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How to tune your guitar

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This is a key step before playing the guitar: get it tuned. That's what we will see in this tutorial!

Basics required for this lesson : None
Practice this lesson : None

This tutorial is divided in two sections: first we will go through tuning by ear, then we will say a few words about electronic tuners.

Tuning in by ear

Every decent guitar player should be able to tune in by ear, as this skill is almost compulsory. After all, you never know where you may end up playing the guitar, you may have to put on a show in front of an audience of 20,000 people, and you may not have a tuner at hand! And having one string out of tune, even a little bit, can ruin even the best concert (just watch Nirvana's live DVDs :p).

The idea of tuning a guitar is rather simple to understand and that is what we'll see in this section, but before that, note that you probably won't get it right the first time you try. To tune in by ear, you will have to train your ear, make it more precise gradually until it becomes as accurate as an electronic tuner. Don't worry if it takes time, you will eventually succeed. In order to train your ear, you can use softwares (such as for example), but please get used to always, always, ALWAYS play properly tuned in. Your ear will be accustomed to the notes that you play, but if you constantly play out of tune, your ear will be distorted.

Let us now tackle the tuning itself. As you probably already know, each guitar string makes a note when you pluck it open. Starting from the lower string, we find them in the following order: a low E, an A, a D, a G, a B and a high E. The goal is to tune in so that we get these exact notes when plucking the strings open. In order to achieve this, we will rely on an interesting specificity the guitar has: the same note can be played at different locations.
Therefore, when playing fret 5 on the lower E string, one is playing the A note. Fortunately, this is the note we want for the A string right below. So we will use it as a reference to tune in our A string. Assuming that the E string is tuned in properly, we'll be sure that the fifth fret will give us an accurate A, and if we get the same note on the A string, then the string will be properly tuned in.
We will apply the same principle to all the other strings:

  • To tune in the D string, we'll play fret 5 on the A string
  • To tune in the G string, we'll play fret 5 on the D string
  • To tune in the B string, we'll play fret 4 on the G string
  • To tune in the high E string, we'll play fret 5 on the B string

Obviously, we can apply this principle the other way around: if my D string (for instance) is tuned in, but the A string isn't, we'll use the open D string as a reference and seek the same note on the fifth fret on the A string.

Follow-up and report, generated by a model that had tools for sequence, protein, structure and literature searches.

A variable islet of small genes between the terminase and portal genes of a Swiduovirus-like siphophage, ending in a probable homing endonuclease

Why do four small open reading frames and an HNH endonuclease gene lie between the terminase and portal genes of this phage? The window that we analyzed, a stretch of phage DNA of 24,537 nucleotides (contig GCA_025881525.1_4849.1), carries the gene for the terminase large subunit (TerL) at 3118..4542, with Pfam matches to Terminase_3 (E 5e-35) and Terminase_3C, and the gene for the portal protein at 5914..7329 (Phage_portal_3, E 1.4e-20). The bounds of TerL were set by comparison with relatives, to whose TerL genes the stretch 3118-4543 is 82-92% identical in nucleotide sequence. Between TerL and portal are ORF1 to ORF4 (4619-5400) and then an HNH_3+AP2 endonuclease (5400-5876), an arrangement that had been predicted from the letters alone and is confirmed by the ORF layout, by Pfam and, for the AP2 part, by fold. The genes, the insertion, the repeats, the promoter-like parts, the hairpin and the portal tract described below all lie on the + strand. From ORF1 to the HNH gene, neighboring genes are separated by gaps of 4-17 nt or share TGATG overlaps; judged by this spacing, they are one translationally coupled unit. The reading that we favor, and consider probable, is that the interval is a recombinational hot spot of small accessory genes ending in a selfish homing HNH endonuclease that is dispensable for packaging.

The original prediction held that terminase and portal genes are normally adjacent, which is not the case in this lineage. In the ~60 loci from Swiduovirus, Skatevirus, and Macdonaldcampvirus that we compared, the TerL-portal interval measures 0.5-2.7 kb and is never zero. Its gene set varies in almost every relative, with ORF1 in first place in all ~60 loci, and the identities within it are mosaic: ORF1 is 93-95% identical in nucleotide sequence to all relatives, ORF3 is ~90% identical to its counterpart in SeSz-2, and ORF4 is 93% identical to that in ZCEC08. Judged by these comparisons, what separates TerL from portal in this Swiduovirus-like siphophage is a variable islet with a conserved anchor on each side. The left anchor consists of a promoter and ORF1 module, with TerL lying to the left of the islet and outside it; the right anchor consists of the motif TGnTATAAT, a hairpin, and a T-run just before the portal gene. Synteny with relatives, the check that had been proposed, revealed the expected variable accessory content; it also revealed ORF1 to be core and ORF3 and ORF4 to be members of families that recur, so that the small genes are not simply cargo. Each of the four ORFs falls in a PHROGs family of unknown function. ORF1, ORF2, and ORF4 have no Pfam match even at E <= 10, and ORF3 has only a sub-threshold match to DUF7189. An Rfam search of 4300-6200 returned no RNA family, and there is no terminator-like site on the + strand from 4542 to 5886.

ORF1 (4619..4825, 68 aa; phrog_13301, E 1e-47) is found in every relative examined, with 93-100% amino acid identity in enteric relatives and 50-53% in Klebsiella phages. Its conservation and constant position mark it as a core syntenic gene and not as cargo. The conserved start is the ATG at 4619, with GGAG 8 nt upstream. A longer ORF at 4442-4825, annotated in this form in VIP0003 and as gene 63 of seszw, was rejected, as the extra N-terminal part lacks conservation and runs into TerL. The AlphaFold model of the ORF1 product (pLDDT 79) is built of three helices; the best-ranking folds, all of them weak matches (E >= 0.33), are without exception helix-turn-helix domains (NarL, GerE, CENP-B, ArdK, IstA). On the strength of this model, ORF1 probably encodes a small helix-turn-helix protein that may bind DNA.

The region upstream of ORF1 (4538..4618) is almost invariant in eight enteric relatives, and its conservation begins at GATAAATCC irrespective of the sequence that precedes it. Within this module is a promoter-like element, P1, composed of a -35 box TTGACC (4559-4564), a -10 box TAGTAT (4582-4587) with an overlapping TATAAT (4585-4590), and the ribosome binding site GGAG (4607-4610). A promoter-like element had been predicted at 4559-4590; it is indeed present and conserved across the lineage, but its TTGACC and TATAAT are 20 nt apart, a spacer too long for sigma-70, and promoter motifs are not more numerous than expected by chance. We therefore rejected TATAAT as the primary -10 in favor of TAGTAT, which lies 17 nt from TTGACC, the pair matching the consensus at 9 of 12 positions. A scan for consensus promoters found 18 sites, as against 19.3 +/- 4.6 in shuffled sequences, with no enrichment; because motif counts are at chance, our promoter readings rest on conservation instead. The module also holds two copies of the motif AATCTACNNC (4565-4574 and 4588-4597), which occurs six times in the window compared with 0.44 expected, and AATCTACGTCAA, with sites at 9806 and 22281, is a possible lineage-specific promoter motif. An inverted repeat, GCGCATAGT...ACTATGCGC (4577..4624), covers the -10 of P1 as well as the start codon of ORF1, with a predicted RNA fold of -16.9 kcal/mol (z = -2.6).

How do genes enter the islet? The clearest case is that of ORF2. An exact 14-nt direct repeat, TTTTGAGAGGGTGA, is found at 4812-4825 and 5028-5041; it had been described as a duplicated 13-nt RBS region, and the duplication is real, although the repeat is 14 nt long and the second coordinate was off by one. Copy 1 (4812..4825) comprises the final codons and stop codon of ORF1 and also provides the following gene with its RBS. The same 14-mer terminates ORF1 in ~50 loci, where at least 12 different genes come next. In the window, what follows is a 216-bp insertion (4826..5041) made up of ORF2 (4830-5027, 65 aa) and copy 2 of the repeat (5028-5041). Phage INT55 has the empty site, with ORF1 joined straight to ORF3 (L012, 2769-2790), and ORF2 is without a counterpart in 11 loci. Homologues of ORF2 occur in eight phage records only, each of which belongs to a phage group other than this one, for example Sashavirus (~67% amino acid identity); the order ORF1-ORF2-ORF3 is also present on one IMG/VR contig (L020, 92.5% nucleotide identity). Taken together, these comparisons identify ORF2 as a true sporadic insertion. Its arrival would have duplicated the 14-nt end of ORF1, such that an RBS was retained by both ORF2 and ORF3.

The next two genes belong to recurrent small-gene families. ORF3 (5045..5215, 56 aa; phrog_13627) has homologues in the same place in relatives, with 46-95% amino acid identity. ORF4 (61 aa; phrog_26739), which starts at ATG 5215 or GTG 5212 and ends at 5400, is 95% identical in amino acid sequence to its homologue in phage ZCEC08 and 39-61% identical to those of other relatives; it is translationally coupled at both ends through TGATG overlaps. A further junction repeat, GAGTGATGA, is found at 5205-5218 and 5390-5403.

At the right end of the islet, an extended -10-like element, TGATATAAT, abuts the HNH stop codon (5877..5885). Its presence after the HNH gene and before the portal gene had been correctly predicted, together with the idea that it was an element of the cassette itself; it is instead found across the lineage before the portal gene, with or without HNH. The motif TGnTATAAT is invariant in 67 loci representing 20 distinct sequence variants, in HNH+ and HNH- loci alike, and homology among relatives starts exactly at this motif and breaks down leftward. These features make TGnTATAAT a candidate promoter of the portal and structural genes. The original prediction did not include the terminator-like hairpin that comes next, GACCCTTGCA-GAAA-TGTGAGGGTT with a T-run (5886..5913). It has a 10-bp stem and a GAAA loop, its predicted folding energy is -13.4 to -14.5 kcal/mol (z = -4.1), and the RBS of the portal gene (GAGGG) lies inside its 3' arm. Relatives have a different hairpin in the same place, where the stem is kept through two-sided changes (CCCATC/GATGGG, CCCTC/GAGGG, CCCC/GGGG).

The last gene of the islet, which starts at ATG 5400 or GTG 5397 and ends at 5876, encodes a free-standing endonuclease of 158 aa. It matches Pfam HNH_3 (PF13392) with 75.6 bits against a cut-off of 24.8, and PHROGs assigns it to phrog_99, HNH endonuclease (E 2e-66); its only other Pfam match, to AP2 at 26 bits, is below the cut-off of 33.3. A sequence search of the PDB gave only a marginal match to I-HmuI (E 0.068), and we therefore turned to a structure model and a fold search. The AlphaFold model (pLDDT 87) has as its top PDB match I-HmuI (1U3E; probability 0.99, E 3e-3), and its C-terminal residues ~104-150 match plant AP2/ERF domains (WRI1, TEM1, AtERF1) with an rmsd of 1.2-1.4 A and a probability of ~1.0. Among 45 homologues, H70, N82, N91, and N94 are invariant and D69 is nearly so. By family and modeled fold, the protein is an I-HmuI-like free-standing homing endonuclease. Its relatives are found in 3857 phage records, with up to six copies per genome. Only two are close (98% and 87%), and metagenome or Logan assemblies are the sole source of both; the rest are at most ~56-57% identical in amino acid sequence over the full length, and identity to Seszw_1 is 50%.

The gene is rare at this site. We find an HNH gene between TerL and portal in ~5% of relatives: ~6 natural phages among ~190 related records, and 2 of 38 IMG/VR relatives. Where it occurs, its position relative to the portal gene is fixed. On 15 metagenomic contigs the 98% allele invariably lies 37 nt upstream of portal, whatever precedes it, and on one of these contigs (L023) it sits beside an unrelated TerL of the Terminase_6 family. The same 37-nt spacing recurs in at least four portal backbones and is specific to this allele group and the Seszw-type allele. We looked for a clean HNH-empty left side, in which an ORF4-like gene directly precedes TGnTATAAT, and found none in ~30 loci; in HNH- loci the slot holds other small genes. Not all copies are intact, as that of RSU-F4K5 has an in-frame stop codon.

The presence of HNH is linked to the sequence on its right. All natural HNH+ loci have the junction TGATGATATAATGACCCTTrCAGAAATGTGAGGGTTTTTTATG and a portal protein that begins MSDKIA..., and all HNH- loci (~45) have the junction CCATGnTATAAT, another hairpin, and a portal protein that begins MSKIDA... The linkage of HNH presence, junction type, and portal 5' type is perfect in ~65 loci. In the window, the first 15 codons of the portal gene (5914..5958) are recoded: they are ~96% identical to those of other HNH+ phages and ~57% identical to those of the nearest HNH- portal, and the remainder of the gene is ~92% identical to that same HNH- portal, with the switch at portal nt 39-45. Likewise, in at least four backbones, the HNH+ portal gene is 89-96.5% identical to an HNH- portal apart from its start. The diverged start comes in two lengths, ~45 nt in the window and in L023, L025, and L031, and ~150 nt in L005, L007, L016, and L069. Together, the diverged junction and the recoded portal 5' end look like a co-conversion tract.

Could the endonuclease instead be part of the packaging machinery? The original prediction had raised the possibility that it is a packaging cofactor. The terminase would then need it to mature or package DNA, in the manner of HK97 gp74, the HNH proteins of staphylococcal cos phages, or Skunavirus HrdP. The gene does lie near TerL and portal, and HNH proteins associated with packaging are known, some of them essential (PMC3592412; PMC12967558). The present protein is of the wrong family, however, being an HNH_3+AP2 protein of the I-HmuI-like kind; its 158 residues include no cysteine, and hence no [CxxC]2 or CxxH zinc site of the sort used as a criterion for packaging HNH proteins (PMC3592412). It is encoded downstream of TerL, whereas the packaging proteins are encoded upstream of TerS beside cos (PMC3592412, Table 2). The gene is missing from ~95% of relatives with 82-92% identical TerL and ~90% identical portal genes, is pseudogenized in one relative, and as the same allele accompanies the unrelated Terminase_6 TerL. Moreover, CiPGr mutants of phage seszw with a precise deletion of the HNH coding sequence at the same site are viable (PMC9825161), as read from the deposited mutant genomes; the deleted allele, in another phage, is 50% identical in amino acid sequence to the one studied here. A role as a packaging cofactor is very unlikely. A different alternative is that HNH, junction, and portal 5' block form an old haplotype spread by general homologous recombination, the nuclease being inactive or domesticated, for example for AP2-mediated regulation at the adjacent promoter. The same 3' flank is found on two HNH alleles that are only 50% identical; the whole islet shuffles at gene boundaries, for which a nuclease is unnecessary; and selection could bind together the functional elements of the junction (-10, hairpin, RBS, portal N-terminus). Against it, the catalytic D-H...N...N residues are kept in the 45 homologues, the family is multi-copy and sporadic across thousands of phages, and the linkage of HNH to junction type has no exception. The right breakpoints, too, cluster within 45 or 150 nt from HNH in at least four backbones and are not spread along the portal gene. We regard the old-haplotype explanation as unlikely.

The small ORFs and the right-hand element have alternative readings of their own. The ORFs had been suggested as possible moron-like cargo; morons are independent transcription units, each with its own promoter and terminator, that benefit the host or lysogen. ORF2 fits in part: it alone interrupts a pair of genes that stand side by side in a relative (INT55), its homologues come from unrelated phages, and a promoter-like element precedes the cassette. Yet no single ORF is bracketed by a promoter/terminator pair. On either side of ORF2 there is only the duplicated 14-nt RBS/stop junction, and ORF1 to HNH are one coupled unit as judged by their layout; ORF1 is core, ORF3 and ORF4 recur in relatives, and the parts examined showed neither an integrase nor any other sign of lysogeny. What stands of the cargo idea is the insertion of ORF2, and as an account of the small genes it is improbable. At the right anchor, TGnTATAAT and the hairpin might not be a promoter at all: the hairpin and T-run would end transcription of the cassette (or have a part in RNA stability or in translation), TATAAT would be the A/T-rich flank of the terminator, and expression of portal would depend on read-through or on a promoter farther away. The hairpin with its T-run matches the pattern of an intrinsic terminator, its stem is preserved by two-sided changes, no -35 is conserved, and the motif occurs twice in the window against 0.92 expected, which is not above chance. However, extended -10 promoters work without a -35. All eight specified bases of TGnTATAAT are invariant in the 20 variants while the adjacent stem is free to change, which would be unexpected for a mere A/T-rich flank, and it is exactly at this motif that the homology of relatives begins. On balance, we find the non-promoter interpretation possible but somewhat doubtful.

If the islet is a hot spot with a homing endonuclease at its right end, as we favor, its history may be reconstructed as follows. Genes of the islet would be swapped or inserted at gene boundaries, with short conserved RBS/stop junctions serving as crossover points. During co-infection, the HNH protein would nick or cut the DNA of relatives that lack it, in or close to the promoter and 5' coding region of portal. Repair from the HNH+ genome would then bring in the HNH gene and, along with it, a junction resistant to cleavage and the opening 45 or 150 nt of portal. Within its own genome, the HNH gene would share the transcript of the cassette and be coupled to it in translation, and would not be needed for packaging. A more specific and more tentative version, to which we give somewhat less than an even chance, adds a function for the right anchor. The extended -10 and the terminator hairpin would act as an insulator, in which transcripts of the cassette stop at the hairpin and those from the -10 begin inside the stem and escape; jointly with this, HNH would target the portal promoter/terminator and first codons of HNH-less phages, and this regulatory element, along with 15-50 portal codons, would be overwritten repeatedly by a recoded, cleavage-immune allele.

Now the question you are probably asking yourself is: how should you proceed when no string is tuned in? (or when you don't know which ones are tuned in). Well, as long as you are playing on your own, it doesn't matter. Remember that the human ear is not perfect. This means that it can detect pitch differences between the notes, but not the pitches themselves. So, as long as the strings have the right pitch gap between one another, the guitar will sound right. It will just be a little flater or a little sharper, but if you are playing on your own without any other musical reference, you probably won't hear the difference. If you are not playing by yourself, the same rule applies: all instruments need to be tuned in according to one another, i.e at the same pitch. Train your ears and listen to your fellow musicians in order to be tuned in!

Electronic tuners

Tuning in with an electronic tuner provides the advantage of a very precise (and usually faster) tuning, but as with any tool, you need to know how to use it in order to avoid making mistakes, like trying to remove a thorn in your finger with a jigsaw (in other words: don't do it).

An electronic tuner operates in quite a simple way: it captures, by different means, the sound of your guitar and displays the nearest note and how far you are from this note. There are lots of differents tuners, all of them capturing the sound and displaying the notes in different ways. If you have any doubt about how your tuner operates, refer to the user's manual first, considering there are hundreds of different tuners, you will not necessarily find the answer on a forum!

So we'll pluck a string on the guitar, see what note is played, and then tune in, so that we reach the exact note. The risk is to be trying to tune in a string that's completely tuned out. Let's say that the A string is too low and that the tuner displays an E, then you will have to manage in order to get closer to the A string before adjusting your tuning. In order to do so, you should determine whether you need to go higher or lower to reach the A. There's no magic trick for that, the best option consists in applying the technique described in the first part of this tutorial: use the fifth fret on the E string as a reference to tune in the A string.


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A painter paints pictures on canvas. Musicians paint their pictures on silence.
(Leopold Stokowski)